I ended my review of Turner Field from two weeks ago saluting the innovative way it was designed and repurposed, plus its status as a permanent baseball-only home.
Turns out that today the Braves announced plans to move to suburban Cobb County, just on the outside of the Perimeter (I-285). Historically, the suburbs north of Atlanta are where most of the fan base is located, so the Braves are strategically making the move to be closer to them. Attendance at Turner Field started with four straight seasons with over 3 million fans. Since then attendance has hovered around 2.5 million. That’s good, but the Braves’ brass think they can do better.
According to the Braves’ new stadium website, Turner field has $150 million in infrastructure improvements that would be needed, yet aren’t enough to enhance the fan experience. Those additional improvements would make the project cost rise above $200 million.
On the other hand, the new stadium would cost $672 million to construct. The 60 acres of land on which the ballpark would sit has been “secured” according to the Braves. Cobb County would invest $450 million in the stadium, while the Braves would put in $200 million at the start and be responsible for cost overruns. The Braves would be the lead developer for the ancillary “ballpark village” adjacent to the stadium.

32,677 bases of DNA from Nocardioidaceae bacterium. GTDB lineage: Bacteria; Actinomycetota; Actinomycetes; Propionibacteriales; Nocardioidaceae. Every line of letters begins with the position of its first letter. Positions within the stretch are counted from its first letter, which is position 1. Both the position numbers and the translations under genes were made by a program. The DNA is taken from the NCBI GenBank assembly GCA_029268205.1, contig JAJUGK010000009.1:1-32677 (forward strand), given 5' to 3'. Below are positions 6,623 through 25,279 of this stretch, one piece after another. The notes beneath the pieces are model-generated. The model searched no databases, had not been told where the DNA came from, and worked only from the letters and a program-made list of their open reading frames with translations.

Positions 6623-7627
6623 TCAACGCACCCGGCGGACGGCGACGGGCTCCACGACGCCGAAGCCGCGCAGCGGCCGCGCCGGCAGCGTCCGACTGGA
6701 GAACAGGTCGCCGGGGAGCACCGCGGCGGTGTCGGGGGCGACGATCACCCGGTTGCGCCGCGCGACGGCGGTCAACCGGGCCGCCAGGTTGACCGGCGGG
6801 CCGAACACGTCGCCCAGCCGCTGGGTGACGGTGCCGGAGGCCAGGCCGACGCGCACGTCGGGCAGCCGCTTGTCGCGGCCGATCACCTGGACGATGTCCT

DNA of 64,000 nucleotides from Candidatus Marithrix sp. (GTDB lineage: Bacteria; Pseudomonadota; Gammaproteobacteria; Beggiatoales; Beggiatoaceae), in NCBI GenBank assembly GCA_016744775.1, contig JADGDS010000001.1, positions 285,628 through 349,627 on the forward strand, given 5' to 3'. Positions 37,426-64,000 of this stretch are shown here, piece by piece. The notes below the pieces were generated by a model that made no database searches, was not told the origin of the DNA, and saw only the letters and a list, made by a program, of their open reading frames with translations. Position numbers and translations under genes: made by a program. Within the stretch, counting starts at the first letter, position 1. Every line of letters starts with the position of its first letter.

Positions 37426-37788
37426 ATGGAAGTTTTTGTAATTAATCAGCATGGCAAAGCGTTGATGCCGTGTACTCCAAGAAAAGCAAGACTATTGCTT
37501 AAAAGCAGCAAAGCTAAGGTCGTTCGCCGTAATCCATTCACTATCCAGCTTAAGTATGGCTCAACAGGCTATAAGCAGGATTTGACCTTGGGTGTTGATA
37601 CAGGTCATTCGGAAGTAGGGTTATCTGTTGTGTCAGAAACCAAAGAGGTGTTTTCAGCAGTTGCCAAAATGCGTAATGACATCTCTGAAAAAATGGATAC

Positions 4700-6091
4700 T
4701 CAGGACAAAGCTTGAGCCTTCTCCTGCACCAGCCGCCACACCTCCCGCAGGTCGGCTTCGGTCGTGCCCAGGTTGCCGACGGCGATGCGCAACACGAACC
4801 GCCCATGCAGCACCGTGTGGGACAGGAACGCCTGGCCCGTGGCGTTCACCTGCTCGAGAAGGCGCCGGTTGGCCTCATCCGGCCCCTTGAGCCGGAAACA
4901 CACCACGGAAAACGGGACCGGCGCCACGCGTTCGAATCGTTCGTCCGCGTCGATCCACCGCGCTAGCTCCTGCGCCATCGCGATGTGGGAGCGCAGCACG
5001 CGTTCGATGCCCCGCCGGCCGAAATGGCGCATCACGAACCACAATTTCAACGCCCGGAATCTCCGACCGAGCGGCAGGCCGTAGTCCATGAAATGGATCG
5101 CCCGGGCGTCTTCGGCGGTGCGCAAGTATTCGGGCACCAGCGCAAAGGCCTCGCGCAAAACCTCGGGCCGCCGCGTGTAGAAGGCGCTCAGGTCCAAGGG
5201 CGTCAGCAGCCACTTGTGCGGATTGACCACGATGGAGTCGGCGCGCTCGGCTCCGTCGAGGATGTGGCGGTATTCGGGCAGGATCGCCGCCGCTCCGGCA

This announced move follows a string of other regional defections. Three performing arts organizations (Atlanta Ballet, Atlanta Opera, Atlanta Lyric Theatre) have already moved to or are in the process of moving to Cobb County, not far from the Braves’ planned stadium site.
White flight? Follow the money? Yes and yes. As outrageous as this announcement and the Falcons’ plans are to replace fairly new, modern stadia, if they can sucker partner with some municipality to foot the bill for a move, they’re going to do it every time.
Should the Braves be successful in their move, it would mark the first urban-to-suburban franchise move since 1973, when the Royals left temporary home Municipal Stadium for the Harry S. Truman Sports Complex, a similar distance away from Kansas City’s downtown core as the Braves’ site is from downtown Atlanta. The team plans to start play at the new ballpark in 2017. The current lease at Turner Field ends in 2016.